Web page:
Another Nobel Prize winner was Hermann Hesse (1877-1962), who, although a very respected author in Germany, achieved world fame only after his death as his books were taken up by the 1960s counterculture (hippie) movement. This was in particular with such novels as Siddharta, with its quest-for-enlightenment theme, or Narcissus and Goldmund. The "magic theatre" sequences in Steppenwolf were interpreted by some as drug-induced psychedelia, although Hesse never used substances. His last work, a dystopian novel called The Glass Bead Game was arguably his best. All his novels explore the individual's search for authenticity, self-knowledge and spirituality.

Alfred Döblin (1878-1957) was a prolific author and important representative of Modernism in Germany. He is best known for his novel Berlin Alexanderplatz (see below). Despite the canonic status of that work, Döblin can be called an under-recognized author; although his work has received increasing critical attention in Germany over the last few decades, he is little known in the English language area and too few of his novels have been translated. (Berlin Alexanderplatz is currently unavailable in book form in English).

Anna Seghers (1900-1983) was famous for depicting the moral experience of the Second World War as her major theme. As she was Jewish, she emigrated in 1934, and after the war returned to what soon became East Germany, where she received many prizes for her work. Besides The Seventh Cross, another important novel was Transit Visa, about Jewish people trying to escape Fascist Europe.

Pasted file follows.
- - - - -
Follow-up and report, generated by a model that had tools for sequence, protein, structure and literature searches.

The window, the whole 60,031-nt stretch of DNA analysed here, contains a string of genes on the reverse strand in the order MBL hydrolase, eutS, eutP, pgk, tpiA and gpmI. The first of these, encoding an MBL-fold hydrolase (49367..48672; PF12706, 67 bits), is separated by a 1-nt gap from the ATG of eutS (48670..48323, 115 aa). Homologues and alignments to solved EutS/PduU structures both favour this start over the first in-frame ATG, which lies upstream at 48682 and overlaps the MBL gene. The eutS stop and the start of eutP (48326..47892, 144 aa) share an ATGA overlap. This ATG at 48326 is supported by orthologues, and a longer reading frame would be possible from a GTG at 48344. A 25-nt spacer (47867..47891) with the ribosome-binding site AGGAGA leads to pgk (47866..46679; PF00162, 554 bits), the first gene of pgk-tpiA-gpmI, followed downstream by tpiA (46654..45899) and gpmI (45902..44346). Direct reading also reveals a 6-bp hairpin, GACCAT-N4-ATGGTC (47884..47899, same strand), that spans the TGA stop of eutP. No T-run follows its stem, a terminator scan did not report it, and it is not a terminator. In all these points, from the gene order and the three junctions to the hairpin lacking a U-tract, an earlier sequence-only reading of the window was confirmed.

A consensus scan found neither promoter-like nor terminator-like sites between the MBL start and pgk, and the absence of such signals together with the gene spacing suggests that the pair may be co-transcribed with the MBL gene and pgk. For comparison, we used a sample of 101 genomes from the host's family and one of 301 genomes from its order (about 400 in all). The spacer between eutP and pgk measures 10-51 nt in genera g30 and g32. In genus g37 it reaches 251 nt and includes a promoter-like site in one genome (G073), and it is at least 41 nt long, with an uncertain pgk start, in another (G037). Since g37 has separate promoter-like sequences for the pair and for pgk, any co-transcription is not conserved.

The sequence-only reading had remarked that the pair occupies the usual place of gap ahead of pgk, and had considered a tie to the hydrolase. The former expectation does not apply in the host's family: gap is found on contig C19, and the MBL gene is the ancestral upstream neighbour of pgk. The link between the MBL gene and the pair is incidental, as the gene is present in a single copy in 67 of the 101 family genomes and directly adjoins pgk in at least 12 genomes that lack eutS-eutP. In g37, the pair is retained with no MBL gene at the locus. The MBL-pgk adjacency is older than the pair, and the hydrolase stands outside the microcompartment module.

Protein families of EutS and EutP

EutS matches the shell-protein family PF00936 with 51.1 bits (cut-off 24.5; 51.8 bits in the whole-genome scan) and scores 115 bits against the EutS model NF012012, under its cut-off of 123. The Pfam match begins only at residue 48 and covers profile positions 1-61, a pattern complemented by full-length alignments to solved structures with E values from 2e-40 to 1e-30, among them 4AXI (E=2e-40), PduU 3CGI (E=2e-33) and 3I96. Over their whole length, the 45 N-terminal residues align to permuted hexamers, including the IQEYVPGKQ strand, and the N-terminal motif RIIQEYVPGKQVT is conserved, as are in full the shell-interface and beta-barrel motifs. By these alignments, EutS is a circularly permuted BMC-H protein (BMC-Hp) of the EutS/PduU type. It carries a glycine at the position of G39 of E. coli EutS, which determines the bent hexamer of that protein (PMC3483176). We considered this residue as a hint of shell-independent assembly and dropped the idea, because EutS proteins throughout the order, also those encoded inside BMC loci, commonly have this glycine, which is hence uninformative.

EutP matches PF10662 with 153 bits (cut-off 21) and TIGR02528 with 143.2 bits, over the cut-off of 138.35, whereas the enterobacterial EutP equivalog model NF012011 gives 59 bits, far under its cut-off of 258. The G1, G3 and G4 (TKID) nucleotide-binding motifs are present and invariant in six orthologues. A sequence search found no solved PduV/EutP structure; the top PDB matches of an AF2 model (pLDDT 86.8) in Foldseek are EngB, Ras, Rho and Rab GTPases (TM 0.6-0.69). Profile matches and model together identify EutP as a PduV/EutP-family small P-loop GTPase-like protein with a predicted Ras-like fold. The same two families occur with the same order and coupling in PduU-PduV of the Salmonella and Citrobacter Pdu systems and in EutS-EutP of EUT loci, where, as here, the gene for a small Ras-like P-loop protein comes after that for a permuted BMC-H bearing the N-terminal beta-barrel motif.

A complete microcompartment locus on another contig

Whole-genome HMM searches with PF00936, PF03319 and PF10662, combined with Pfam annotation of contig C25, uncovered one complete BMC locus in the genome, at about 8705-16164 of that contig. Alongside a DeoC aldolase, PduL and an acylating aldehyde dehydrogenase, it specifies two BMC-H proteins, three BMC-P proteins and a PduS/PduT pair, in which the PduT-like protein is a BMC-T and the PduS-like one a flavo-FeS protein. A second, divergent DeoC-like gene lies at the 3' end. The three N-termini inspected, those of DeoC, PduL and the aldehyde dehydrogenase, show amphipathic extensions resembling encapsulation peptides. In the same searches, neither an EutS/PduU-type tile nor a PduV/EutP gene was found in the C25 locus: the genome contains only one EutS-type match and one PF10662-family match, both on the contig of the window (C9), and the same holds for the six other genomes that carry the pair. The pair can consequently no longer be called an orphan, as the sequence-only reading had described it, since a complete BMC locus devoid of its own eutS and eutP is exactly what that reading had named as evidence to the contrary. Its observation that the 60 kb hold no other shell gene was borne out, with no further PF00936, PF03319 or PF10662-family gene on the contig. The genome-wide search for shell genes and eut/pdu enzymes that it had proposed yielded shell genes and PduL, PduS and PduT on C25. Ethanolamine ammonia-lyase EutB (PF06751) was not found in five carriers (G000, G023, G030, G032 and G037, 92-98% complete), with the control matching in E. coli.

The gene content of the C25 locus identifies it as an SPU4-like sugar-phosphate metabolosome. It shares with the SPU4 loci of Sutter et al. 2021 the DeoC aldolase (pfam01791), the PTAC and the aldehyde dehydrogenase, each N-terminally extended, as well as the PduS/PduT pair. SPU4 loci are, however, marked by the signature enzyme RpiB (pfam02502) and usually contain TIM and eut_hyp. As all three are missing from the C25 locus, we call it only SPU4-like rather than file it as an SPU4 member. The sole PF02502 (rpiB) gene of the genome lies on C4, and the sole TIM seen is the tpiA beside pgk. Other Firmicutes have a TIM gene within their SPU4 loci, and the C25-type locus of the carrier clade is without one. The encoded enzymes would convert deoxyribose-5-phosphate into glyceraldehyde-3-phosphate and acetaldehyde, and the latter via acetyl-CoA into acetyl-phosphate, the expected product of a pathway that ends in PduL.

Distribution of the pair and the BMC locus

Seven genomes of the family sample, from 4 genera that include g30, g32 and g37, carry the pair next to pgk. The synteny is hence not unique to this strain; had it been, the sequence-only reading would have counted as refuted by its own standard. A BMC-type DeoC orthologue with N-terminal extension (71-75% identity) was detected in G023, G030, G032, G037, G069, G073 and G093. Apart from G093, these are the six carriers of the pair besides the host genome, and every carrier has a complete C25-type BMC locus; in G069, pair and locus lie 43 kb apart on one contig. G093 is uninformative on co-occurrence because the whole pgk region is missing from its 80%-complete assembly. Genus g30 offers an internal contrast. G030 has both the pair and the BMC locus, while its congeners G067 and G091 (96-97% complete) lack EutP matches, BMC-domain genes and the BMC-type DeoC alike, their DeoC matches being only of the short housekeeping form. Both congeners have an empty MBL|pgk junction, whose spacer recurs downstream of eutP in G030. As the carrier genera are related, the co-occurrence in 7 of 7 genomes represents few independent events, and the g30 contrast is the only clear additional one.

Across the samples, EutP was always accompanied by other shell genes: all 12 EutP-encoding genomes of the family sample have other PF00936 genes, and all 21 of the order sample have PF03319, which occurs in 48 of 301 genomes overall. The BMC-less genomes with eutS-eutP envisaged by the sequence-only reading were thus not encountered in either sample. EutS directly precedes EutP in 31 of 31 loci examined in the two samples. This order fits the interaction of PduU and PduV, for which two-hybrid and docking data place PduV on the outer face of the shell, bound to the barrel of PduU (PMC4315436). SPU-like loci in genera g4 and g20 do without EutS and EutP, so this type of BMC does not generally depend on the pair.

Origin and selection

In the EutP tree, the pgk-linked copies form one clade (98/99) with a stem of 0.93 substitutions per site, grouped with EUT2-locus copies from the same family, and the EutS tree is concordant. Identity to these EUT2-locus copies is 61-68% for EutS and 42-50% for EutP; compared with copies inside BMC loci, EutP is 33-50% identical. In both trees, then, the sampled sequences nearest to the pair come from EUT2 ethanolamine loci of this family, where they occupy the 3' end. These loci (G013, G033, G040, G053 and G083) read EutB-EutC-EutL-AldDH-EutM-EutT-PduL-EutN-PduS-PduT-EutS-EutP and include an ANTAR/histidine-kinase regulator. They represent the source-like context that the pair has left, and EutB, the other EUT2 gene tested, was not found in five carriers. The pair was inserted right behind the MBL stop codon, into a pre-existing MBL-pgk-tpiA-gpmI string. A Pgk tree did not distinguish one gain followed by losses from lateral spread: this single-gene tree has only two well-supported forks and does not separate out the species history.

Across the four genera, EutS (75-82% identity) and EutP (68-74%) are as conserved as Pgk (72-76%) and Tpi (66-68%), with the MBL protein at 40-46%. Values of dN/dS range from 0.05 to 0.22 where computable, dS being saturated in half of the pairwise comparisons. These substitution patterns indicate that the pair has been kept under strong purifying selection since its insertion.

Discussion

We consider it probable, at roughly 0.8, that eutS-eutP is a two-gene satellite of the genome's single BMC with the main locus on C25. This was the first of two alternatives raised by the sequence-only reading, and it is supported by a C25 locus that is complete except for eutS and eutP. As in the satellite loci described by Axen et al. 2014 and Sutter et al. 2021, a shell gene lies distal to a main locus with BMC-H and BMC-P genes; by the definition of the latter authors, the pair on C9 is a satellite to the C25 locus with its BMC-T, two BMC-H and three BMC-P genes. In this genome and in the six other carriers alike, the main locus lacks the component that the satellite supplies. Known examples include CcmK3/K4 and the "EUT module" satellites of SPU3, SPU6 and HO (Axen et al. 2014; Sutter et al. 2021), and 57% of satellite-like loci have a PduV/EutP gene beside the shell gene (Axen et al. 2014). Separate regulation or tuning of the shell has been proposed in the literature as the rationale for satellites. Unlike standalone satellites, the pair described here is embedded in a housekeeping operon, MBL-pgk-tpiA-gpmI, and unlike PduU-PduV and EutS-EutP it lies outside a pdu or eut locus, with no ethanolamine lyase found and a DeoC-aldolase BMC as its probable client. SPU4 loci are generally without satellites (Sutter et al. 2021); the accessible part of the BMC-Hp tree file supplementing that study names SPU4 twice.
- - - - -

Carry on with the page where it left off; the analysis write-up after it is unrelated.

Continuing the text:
Günter Grass (1927-2015) was the greatest German novelist of the postwar period, and another German Nobel Prize winner. Grass is best known for The Tin Drum (see below), a key text in European magic realism. His works often have a left-wing political dimension; in his fiction he also often returned to the Danzig of his youth. The Nobel prize committee praised him as a writer "whose frolicsome black fables portray the forgotten face of history." Other important works are Cat and Mouse, The Flounder (about the roles of and struggle between men and women, from the Stone Age to the present time) and Crabwalk.

Christa Wolf (1929-2011) was one of the best-known writers to emerge from the former East Germany and was instrumental in establishing a distinct literary voice for that part of Germany. She also experimented with prose styles. Besides her best known work, The Search for Christa T. (see below), she is also known for Kassandra, a reinterpretation the battle of Troy as a war for economic power and a shift from a matriarchal to a patriarchal society, and Kein Ort. Nirgends about the fictional meeting of the German poet Heinrich von Kleist and Karoline von Günderode.

Uwe Johnson (1934-1984) was a member of Gruppe 47 and, together with Heinrich Böll and Günther Grass, is counted as one of the three greatest authors of the generation that started to write immediately after WWII. His early work is often about the division of Germany. He uses a difficult and discontinuous style, with sudden shifts of time and perspective. His magnum opus is the tetralogy Jahrestage (1971, 1972, 1973, 1984). Use Johnson is virtually unknown outside Germany.